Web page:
With Donald Trump’s purge of many immigrants from this country, and what amounts to essentially closing our southern border, there are many low-paid, menial jobs in the agricultural industry that are left unfilled, and farmers large and small are crying for people to harvest crops and pick fruit. Perhaps it is fortuitous, then, that so many people in the current administration will find themselves out of work come January. I delight at the vision of Mike Pompeo, Betsy DeVos, Kellyanne Conway and others on a ladder under a tree picking oranges! Yes, yes, I know these arseholes are all independently wealthy and don’t need to find other jobs, but still … give me my moment of pleasure here.
Now that I’ve had my moment of joy, there are two people on the snark radar today … Sebastian Gorka and Mike Pompeo.
In January 2017, Sebastian Gorka was appointed Deputy Assistant to the “President” and Strategist in the Trump White House. He was a member of a White House team known as the Strategic Initiatives Group, which was set up by White House advisors Steve Bannon and Jared Kushner. The Strategic Initiatives Group never got off the ground, and Gorka failed to obtain the security clearance necessary for work on national security issues.
Gorka is a radical whose background and education are questionable, and who has ties to a Nazi-allied group in Hungary known as Vitézi Rend. Congress, as well as the Council on American-Islamic Relations called for Gorka’s firing, along with a number of Jewish groups.
On August 25, 2017, Gorka left the administration, one week after Steve Bannon’s departure. Gorka claimed that he had resigned because White House officials were “undermining” the Make America Great Again (MAGA) platform. The White House disputed his claim that he resigned and confirmed he was no longer employed there and did not have further access to the White House grounds.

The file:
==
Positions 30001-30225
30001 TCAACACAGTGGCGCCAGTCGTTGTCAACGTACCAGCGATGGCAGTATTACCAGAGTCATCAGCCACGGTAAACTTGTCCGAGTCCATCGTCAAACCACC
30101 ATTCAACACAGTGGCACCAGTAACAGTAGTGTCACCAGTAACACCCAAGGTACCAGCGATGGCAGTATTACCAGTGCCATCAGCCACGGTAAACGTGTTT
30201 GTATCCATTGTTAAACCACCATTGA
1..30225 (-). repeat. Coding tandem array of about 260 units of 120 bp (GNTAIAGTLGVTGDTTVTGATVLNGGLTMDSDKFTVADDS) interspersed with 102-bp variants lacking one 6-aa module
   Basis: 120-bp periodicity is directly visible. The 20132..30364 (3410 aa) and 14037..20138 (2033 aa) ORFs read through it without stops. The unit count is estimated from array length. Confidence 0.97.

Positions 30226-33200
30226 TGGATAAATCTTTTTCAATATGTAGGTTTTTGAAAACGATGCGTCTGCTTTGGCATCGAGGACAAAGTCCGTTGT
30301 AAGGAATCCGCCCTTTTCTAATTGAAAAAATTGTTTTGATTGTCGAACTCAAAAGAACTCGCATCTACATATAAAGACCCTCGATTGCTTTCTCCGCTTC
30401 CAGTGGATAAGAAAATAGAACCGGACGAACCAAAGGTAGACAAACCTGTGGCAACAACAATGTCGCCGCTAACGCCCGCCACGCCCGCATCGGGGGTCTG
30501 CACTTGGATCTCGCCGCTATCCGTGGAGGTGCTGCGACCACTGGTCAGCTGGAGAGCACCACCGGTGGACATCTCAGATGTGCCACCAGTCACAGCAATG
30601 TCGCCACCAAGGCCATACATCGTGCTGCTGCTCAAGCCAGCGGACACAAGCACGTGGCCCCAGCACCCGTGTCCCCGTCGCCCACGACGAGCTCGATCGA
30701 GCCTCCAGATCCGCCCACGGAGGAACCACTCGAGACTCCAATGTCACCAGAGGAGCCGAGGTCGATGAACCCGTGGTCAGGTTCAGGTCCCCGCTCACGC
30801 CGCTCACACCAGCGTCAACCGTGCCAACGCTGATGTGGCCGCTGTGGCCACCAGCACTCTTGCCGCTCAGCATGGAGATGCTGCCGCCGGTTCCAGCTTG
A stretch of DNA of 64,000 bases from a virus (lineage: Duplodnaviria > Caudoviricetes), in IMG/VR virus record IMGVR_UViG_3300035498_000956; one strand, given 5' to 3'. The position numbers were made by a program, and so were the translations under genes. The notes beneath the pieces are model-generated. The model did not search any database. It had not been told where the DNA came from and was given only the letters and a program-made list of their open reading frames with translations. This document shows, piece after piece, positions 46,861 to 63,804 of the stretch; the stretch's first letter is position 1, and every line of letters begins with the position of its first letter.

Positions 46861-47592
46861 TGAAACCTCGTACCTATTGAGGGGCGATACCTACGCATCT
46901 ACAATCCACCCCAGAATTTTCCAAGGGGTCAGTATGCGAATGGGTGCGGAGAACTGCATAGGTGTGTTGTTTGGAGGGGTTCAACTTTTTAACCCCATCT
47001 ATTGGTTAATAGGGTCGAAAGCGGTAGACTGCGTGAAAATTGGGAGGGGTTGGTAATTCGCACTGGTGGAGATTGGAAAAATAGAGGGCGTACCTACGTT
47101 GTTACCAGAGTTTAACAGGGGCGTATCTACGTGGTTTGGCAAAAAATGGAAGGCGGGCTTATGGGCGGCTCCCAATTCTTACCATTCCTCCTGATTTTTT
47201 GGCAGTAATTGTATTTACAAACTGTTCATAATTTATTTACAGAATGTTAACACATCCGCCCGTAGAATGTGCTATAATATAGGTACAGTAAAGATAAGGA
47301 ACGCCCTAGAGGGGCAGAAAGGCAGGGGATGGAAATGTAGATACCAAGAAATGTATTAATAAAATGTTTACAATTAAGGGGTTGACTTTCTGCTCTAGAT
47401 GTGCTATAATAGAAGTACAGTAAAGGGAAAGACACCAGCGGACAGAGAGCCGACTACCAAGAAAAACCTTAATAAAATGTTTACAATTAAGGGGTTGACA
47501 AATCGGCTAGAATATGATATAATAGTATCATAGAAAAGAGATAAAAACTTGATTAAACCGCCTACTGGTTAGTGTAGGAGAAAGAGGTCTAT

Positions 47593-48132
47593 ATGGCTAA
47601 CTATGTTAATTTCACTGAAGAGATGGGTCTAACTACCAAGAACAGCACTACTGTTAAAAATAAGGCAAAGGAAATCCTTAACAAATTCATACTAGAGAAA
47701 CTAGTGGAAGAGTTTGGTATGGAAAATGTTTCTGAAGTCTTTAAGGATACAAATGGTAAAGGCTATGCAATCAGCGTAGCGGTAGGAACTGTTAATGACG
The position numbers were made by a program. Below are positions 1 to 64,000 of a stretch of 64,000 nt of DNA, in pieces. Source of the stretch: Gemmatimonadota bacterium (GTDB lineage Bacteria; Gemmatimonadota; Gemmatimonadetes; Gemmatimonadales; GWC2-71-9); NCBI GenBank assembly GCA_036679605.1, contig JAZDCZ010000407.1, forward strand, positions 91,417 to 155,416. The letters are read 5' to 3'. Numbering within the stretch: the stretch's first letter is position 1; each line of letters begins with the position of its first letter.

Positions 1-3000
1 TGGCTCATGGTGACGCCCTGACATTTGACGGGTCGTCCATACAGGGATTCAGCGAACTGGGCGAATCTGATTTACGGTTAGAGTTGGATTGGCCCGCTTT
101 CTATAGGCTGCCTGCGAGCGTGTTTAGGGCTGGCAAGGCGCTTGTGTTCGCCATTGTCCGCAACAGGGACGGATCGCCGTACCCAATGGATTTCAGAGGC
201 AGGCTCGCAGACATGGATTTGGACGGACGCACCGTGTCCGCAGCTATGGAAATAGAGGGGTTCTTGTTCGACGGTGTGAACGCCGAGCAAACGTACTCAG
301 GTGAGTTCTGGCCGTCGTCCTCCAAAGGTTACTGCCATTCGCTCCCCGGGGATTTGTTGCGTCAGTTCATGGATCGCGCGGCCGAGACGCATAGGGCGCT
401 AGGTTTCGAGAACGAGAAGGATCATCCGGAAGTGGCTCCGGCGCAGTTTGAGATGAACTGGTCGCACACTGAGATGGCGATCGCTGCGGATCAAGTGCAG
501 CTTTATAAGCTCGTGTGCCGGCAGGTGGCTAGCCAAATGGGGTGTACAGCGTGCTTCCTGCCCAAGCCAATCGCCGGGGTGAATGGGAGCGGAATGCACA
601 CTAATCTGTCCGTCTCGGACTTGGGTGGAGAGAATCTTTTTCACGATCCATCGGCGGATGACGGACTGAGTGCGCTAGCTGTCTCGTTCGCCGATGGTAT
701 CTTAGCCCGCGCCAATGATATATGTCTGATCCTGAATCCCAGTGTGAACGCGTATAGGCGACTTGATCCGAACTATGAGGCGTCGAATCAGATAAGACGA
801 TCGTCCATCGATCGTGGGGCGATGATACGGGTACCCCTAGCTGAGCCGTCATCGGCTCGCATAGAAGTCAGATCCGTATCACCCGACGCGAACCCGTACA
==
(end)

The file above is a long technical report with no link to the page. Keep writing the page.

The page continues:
Okay, gone, good riddance, right? Let him show up on Fox every month or so to rant and opine, and on his own radio show, as long as he isn’t in our government, yes? But wait … on Tuesday, it was announced that Donald Trump plans to appoint Gorka to be a member of the National Security Education Board! Like a bad penny, he keeps coming back!
If you’re like me, right about now you’re scratching your head and wondering just what the Sam Heck the “National Security Education Board” does. The 14-member board oversees a government program that awards scholarships and fellowships to students and offers grants to colleges and universities to address “the national need for experts in critical languages and regions.” In its mission statement, NSEP says one of its goals is to “produce an increased pool of applicants for work in the departments and agencies of the United States Government with national security responsibilities.”
Sorry, folks, but I don’t want Gorka within our government in any capacity, let alone one that pertains in any way, shape or form to education! Thankfully, he can join the others in January looking for jobs picking fruit!